The Science Behind What We Find Cute

By Erin Delmore

With more than 1,000 animals on 20 acres, the Turtle Back Zoo is packed with species that make us squeal, and it turns out, they have something in common.

“Big eyes, some pudginess, shuffling, or moving in some kind of awkward, loping, manner. Anything that falls over a lot we tend to find adorable,” said Nina Fefferman.

Case in point: This red panda with its bright eyes, small face and soft coat. Fefferman, an evolutionary biology professor at Rutgers, says those are all examples of “signaling” — what an animal’s look conveys to others.

“The ear position signals to us whether or not we think they’re happy or aggressive or alert or upset about something,” she said.

When we can read an animal’s expression, we feel more comfortable, which makes it a winning trait for cuteness. For example, think of a family dog.

“You can tell when a dog is happy; tail position, ear position, facial muscle position. It’s eliciting food, it’s eliciting love, it’s eliciting care. All of those things we’ve bred it to do that we find endearing,” Fefferman said.

Small mammals are a slam dunk for cuteness. However, Zoo Director Brint Spencer says cold-blooded animals get the short end of the stick.

“In the movies you don’t see the monsters looking warm and fuzzy,” he said. “The monsters look reptilian. They look like something we should be scared of.”

It’s the difference between a smooth slither and a goofy gait. Take the wallaby, for instance.

“They’re bouncy and they kind of look like animal pogo sticks and that looks adorable until one really starts taking off and you kind of go, ‘wow, suddenly that’s a little bit less cute than when it was just sitting there going, ‘I’m kind of an old grandmother with an adorable fuzzy face and tail,’” Fefferman said.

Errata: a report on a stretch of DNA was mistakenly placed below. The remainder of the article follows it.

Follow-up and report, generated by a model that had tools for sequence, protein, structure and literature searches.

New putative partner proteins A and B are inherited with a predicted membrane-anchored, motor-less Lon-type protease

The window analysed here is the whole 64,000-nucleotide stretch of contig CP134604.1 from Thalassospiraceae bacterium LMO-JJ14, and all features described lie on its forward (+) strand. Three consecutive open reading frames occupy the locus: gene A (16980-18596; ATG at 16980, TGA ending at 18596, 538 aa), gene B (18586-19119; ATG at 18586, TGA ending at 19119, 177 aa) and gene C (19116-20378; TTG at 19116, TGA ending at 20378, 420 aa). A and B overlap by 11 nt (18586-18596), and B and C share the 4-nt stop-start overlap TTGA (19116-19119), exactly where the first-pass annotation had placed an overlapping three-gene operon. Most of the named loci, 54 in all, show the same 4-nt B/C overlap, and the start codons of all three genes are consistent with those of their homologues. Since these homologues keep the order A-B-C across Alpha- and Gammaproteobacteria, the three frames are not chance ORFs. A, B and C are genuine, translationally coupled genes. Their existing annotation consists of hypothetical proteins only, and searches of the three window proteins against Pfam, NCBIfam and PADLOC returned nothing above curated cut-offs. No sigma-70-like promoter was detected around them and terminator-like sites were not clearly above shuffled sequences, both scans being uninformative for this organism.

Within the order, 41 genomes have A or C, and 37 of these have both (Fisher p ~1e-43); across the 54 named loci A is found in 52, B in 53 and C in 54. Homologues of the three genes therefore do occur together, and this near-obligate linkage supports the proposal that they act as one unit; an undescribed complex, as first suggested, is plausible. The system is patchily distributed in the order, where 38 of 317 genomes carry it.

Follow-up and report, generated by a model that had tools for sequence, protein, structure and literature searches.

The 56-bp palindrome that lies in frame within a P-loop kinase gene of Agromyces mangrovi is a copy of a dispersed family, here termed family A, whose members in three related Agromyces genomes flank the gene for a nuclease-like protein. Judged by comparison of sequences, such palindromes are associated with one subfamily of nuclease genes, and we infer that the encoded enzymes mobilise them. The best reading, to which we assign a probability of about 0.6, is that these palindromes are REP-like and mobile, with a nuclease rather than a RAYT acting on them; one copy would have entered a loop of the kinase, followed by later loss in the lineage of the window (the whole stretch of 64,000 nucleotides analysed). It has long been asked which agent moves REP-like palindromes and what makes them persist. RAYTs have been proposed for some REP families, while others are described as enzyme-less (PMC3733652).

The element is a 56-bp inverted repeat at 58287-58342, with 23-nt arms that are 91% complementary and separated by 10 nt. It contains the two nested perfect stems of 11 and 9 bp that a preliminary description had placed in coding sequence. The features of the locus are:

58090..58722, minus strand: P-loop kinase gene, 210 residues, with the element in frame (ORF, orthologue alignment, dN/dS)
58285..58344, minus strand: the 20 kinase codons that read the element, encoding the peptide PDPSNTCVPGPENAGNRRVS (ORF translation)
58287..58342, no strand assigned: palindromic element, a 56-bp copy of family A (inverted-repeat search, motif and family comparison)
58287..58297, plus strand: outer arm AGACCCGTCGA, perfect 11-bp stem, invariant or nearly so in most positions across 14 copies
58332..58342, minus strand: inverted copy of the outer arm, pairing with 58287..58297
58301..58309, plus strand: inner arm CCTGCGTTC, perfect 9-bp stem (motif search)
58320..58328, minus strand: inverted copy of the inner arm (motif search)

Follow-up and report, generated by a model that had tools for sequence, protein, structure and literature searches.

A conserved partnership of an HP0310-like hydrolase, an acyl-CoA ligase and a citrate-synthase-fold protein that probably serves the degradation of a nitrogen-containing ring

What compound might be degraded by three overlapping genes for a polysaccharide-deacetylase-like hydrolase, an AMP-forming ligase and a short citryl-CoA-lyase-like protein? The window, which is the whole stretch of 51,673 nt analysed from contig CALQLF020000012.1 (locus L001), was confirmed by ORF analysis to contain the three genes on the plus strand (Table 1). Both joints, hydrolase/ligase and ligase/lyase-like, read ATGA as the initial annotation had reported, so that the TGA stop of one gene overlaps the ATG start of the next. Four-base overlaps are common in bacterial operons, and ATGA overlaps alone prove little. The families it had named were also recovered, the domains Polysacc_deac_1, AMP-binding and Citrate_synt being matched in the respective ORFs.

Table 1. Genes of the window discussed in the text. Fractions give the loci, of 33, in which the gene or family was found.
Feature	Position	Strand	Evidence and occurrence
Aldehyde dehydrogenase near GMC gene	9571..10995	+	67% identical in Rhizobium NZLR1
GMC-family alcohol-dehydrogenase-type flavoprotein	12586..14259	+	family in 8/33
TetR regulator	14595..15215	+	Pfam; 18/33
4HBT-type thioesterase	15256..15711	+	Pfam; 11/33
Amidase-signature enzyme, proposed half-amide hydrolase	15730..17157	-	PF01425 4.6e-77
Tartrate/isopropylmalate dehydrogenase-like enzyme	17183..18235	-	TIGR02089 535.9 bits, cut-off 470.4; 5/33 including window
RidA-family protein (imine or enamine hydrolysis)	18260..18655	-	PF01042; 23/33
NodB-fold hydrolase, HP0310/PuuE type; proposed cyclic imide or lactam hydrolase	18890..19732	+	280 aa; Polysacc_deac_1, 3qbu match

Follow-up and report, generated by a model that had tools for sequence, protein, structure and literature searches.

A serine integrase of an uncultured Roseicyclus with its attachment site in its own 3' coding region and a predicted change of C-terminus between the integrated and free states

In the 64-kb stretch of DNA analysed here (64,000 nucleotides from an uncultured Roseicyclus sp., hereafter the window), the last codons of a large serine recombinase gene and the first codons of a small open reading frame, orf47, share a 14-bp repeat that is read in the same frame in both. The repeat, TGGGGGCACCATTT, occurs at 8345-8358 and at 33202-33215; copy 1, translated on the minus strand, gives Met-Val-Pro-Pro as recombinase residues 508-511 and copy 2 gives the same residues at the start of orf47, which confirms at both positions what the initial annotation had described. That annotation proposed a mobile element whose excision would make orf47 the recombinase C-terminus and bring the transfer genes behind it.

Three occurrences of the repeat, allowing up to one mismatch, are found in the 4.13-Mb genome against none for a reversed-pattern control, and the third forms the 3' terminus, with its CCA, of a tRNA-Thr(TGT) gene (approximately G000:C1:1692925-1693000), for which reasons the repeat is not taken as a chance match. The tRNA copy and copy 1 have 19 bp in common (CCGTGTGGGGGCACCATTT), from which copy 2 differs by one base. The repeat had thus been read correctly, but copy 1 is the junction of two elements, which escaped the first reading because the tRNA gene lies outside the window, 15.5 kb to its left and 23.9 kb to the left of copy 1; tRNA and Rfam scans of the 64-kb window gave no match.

Our experts caution that ‘cute’ isn’t always ‘friendly.’

“They’re a beautiful cat, so people think they’re friendly, they’re cute, they’re fuzzy. When you see how quickly they can move and how strong they are  and we do physicals and you see how big their claws are, you realize that this is not a friendly animal,” said Spencer.

“A bear walking is kind of a lopey, adorable animal,” said Fefferman. “A bear running at you is an amazingly fast killing machine.”

When a group of hunters captured one a century ago, President Theodore Roosevelt couldn’t bring himself to shoot it, so the teddy bear was named in his honor. While cuteness is in the eye of the beholder, humans measure against their own young.

“They are pudgy, they are round, they are bad at sustaining their heads on their necks, they are bad at sitting upright and they are just roly poly big, adorable objects that smile at us when we make them happy and shriek to high heaven when we don’t,” Fefferman said.

Cuteness plays a role in conservation, too. “Charismatic megafauna” are popular animals that star in conservation efforts, but there are shortfalls.

“We may save pandas, but the rest of the bamboo forest can collapse around them, and we haven’t saved anything, really,” Spencer said.

It’s a mission the zoo takes to heart. Over the summer, it sponsored rescue efforts by a volunteer and a veterinarian, plus it offers conservation classes you can apply in your own backyard.

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